Regrooving auto tires Here in Southern California, a number of shops are regrooving passenger tires. Is this legal? If not, who's in charge of enforcement?
Norm & Bob's Tires
Baldwin Park, Calif.
Editor's note: Federal regulations (49 CFR Part 569) prohibit regrooving tires unless they are inscribed "regroovable" and, after regrooving, have a minimum of 3/32nds-inch of rubber remaining between the tread grooves and the cord material. few—if any—passenger tires could meet such requirements. So regrooving them probably is illegal. If you know of an apparent violation, you may contact the National Highway Traffic Safety Administration. If California has similar prohibitions, you may contact the appropriate state agency. Also, such questionable regrooving could subject practitioners to legal and financial liability should an accident occur.
Dealers' future tied to Web
Your Dec. 6 editorial urging tire dealers to create their own Web sites was very timely. We totally agree that being online is increasingly important.
The Tire Retread Information Bureau's Web site (www.retread.org) receives an average of 30 hits daily, seven days a week. Our members' Web addresses are linked to our site, which is another benefit of membership.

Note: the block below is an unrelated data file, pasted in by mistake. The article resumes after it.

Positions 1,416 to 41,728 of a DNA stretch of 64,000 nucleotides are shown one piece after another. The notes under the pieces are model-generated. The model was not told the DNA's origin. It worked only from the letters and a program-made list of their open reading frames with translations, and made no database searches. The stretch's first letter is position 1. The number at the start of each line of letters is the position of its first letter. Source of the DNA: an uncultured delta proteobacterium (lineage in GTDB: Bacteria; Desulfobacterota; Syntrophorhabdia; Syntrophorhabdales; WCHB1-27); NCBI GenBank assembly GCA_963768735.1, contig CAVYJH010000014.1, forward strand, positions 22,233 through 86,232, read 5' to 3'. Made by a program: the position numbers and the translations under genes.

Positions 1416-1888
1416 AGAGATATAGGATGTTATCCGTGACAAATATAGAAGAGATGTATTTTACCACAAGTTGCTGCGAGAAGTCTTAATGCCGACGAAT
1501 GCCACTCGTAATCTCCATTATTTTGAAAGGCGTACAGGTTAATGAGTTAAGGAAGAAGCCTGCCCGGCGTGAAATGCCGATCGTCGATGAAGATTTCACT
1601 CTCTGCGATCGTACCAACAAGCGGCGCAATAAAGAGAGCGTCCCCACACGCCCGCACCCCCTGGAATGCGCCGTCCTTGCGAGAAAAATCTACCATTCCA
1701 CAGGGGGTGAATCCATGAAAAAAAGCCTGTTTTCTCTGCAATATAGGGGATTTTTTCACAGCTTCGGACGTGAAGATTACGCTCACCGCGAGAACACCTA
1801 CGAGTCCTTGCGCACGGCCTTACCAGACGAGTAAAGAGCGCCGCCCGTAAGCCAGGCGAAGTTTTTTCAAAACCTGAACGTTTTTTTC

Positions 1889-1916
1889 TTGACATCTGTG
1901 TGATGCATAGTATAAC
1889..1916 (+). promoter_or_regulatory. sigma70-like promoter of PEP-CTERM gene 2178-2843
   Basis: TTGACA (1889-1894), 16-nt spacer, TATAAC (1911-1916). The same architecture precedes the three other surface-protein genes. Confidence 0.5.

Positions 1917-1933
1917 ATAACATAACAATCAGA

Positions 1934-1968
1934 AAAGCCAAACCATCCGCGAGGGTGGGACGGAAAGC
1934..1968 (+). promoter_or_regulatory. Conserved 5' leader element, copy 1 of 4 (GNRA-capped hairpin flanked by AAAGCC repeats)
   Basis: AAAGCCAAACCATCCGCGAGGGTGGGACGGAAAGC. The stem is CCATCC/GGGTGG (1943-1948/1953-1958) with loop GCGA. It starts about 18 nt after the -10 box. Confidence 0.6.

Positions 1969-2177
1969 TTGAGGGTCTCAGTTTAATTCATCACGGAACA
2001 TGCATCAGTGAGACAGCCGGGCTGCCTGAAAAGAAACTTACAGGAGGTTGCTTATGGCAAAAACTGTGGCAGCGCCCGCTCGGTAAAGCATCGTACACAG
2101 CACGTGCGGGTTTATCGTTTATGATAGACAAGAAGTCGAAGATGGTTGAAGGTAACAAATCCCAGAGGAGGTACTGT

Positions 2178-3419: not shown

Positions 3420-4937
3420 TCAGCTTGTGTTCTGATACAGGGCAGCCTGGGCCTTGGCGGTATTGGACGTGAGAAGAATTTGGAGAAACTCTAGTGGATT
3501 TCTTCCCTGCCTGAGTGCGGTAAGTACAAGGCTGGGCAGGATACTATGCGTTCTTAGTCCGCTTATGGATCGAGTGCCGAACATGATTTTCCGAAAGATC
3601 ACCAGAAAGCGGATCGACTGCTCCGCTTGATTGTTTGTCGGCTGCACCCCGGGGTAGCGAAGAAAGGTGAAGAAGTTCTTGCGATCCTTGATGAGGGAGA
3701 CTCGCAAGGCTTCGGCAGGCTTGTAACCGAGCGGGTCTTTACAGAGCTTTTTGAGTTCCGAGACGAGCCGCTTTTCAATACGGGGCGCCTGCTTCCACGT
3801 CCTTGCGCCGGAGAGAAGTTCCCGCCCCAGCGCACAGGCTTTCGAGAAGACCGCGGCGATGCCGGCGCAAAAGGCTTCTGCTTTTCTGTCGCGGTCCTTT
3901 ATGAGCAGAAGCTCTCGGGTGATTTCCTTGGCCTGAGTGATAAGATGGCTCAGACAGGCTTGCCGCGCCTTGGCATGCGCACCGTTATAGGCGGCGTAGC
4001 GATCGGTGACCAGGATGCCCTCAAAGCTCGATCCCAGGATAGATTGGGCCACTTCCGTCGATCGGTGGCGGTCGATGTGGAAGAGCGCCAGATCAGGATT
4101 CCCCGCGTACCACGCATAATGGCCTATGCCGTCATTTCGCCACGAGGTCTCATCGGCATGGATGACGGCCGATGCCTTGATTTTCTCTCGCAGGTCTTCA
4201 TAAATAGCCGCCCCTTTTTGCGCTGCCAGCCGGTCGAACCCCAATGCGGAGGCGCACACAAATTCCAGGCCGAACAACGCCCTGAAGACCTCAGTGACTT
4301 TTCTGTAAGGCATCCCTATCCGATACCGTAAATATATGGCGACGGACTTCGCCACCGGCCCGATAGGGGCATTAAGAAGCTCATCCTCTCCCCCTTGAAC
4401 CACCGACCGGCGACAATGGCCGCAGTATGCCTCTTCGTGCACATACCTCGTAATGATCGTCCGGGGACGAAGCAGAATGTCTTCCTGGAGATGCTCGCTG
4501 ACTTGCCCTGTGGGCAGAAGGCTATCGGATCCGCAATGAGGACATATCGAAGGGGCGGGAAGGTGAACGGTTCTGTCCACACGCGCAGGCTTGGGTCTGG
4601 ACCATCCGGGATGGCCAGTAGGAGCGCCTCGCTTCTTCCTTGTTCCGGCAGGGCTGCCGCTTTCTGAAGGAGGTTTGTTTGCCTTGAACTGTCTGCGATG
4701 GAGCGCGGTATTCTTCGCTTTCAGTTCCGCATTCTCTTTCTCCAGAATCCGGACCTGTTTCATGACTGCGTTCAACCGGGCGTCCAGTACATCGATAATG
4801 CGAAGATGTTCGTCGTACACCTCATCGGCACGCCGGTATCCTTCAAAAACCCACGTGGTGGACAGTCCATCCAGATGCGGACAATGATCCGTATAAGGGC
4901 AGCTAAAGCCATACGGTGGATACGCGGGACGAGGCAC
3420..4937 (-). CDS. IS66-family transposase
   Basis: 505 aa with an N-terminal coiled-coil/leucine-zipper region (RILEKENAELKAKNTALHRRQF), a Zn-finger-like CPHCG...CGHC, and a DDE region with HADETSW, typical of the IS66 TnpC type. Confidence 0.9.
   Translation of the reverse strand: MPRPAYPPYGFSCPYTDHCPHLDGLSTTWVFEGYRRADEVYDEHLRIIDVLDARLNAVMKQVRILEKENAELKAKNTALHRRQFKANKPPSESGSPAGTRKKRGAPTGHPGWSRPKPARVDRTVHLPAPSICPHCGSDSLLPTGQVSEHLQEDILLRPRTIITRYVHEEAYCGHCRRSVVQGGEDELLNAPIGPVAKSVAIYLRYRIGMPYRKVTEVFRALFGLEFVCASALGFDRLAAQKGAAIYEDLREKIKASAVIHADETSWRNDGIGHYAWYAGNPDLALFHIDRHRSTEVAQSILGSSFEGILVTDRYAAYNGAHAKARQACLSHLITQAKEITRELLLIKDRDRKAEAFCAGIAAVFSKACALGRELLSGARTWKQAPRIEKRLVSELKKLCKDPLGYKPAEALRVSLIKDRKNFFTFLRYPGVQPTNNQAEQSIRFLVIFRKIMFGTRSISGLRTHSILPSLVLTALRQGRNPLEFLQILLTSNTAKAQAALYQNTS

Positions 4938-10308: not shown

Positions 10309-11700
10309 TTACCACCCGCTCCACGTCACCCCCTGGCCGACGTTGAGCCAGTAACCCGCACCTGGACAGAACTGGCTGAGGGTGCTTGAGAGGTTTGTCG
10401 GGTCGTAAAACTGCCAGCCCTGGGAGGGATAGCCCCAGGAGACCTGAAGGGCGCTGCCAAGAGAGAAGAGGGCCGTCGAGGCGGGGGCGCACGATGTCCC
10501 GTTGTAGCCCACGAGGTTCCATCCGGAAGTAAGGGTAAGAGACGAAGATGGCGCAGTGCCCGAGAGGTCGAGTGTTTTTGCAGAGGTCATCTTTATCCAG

The first thing I do each day is check Tire Business' Web site for my daily news update.
The Web is part of our future, and the sooner your readers grasp this fact, the more successful they will be.
Tire Retread Information Bureau
Pacific Grove, Calif.
Don't sweat Ford program
I don't know why everybody seems afraid of Ford Motor Co.'s "Around the Wheel" tire program for auto dealerships.
The more competition there is, the better your dealership should look to customers.
Remember, every time you drive through the auto dealership's door there's a $60 cover charge and everybody needs a treatment.
I never worry about the competition—I am the competition!
South St. Paul, Minn.
Please furnish the address and telephone number of Greenman Technologies Inc. (mentioned in an Oct. 11 TB article).
David M. Hart
Mercer Tire Co.
Editor's note: You can write Greenman Technologies at 7 Kimball Lane, Building A, Lynnfield, Mass. 01940 or telephone the company at (781) 224-2411.
Height loaded radius
If the manufacturer lists a height loaded radius for a tire, why can't a fellow inflate it (on their specified rim width) and have it read the exact tire pressure specified?
Doesn't it make sense that the tire would perform its best at that loaded radius?
I've tried it on my Saab, which balances 50/50, weightwise, front to rear, and it doesn't work well at all.
Custom Tire Center
Colorado Springs, Colo.
Editor's note: Would anyone care to reply to Mr. Carpenter's question?